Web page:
Can the pandemic serve America as the cradle for a rebirth of civil society?

by Bill Benzon

This pandemic changes everything, we can’t go back to the way we were. That’s what everyone is saying. Well, not everyone, but I don’t know how many times I’ve read some version of that over the past month.

What rough beast…

I would like to reflect on that theme, albeit in perhaps and oblique and impressionist manner. I want to begin by invoking a recent essay in which Marc Andreessen urges us to “reboot the American Dream.” Then I move back half a century and look at Walt Disney’s version of, well, the American Dream. I return to the present through an essay by Ezra Klein and conclude with a video in which Sean O’Sullivan talks of how he came to form an NGO that worked on building Iraq early in this millennium.

Marc Andreessen: Let’s Build Something!

Roughly two weeks ago a prominent Silicon Valley venture capitalist, Marc Andreessen, issued a call to action, It’s Time to Build, which has been getting a lot of action, pro, con, and sideways. Here’s how it opens:

Every Western institution was unprepared for the coronavirus pandemic, despite many prior warnings. This monumental failure of institutional effectiveness will reverberate for the rest of the decade, but it’s not too early to ask why, and what we need to do about it.

Many of us would like to pin the cause on one political party or another, on one government or another. But the harsh reality is that it all failed — no Western country, or state, or city was prepared — and despite hard work and often extraordinary sacrifice by many people within these institutions. So the problem runs deeper than your favorite political opponent or your home nation. Read more »

Evolving to the Future, the Web of Culture

by Bill Benzon

CB1

“The interests of humanity may change, the present curiosities in science may cease, and entirely different things may occupy the human mind in the future.” One conversation centered on the ever accelerating progress of technology and changes in the mode of human life, which gives the appearance of approaching some essential singularity in the history of the race beyond which human affairs, as we know them, could not continue.

Stanislaw Ulam, from a tribute to John von Neumann

In scientific prognostication we have a condition analogous to a fact of archery–the farther back you are able to draw your longbow, the farther ahead you can shoot.

R. Buckminster Fuller, Critical Path

Let’s get started:

  • A week ago The Guardian published a long piece in which Pankaj Mishra argued that the Western world no longer provides a model the rest of the world should or even can follow, if it ever had.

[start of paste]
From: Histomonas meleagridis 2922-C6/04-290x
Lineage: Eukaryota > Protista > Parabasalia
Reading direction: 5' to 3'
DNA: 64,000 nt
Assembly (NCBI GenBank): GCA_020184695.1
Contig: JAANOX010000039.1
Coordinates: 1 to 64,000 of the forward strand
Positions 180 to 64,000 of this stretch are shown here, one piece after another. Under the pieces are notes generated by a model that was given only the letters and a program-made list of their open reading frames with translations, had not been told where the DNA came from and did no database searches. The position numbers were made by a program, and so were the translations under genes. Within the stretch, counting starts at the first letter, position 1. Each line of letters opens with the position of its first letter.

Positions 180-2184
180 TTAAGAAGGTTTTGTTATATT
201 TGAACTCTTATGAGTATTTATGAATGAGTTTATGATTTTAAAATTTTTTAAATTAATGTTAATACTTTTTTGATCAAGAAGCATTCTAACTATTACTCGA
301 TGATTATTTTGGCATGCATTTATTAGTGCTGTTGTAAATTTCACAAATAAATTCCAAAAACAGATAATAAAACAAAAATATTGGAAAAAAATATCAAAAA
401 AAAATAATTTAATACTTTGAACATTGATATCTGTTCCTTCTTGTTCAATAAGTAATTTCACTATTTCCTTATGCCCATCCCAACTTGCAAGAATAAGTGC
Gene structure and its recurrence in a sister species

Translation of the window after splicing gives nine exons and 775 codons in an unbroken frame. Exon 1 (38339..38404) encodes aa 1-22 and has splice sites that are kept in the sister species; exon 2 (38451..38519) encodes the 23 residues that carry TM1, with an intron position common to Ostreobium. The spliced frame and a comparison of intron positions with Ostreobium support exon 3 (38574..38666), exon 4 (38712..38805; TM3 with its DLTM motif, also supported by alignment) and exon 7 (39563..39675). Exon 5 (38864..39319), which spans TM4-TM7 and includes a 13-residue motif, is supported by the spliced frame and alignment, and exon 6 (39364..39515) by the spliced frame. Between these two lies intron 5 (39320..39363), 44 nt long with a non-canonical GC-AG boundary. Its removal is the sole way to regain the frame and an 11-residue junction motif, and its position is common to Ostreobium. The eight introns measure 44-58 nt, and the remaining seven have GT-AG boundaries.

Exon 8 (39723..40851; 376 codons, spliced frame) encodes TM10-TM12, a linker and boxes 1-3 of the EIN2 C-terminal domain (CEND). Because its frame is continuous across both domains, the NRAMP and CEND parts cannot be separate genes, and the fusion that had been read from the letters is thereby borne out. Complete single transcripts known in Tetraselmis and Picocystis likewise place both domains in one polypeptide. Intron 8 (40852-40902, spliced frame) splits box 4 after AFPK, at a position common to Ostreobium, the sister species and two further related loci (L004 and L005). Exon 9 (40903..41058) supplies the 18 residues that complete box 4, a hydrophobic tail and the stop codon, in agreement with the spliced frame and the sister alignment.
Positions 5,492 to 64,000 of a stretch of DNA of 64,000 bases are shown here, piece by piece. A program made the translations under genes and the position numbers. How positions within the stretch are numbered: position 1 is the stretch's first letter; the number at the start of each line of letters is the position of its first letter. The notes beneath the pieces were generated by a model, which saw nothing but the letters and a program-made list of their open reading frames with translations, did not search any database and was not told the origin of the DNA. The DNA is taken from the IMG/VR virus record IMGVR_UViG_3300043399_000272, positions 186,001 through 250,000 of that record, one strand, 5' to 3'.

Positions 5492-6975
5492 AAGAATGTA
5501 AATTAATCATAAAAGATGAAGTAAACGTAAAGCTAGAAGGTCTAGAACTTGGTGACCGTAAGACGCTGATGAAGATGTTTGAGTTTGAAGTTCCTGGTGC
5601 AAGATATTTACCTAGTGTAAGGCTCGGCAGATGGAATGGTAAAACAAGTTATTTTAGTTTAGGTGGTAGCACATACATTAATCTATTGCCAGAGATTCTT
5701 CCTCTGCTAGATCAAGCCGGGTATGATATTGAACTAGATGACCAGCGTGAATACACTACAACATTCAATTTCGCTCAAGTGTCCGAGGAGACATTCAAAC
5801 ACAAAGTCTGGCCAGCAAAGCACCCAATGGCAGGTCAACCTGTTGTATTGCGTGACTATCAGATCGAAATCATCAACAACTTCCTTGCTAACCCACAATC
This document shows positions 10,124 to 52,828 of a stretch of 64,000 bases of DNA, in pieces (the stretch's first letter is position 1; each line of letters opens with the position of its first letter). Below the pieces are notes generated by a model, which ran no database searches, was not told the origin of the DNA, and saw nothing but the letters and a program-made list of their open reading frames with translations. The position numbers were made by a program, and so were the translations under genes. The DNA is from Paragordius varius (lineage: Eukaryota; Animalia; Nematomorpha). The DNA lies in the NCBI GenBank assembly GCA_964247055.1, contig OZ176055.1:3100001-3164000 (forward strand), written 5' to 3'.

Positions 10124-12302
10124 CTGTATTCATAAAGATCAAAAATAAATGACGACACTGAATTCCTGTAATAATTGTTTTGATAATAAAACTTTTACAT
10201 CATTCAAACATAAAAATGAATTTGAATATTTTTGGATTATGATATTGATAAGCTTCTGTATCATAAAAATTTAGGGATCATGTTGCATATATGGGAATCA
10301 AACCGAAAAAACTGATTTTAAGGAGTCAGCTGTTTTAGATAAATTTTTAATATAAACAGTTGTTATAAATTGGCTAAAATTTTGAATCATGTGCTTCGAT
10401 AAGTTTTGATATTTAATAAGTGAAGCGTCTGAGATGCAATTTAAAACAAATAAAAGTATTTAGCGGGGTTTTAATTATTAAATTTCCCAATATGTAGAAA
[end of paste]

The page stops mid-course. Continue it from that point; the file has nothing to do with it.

• A couple of weeks ago polymath David Byrne asserted that he’d lost interest in contemporary art, feeling it had devolved into “inoffensive tchotchkes for billionaires and the museums they fund,” a sentiment that the late Robert Hughes had been promulgating for some years.
  • Back in 1996 science journalist John Horgan published The End of Science, in which he argued that many fields of science had reached a point where they were no longer intellectually productive. The big problems had been solved, more or less, and further investigations seemed to be running in circles without any clear sense of progress.

Not only am I sympathetic which each of these ideas, I think they all reflect the same underlying cause: the wellsprings of old ideas – about social organization, artistic expression, and scientific explanation, certainly, but also about fiction, legal codes, economics, education, music, gender and family, and a host of others – have run dry and new ones have not yet been discovered.

I’m quite familiar with this phenomenon in the case of literary studies, where I received my graduate training. The French landed in Baltimore in the Fall of 1966 and catalyzed three decades of intellectual invention. The invention all but stopped about twenty years ago, leaving literary studies afflicted with a sense of malaise that goes deeper than budget cuts and umbrage taken at silly articles in which humorists of The New York Times take potshots at papers presented at the annual convention of the Modern Language Association.

How could new ideas just stop? Have people gotten stupid or is something else going on? If so, what?

Read more »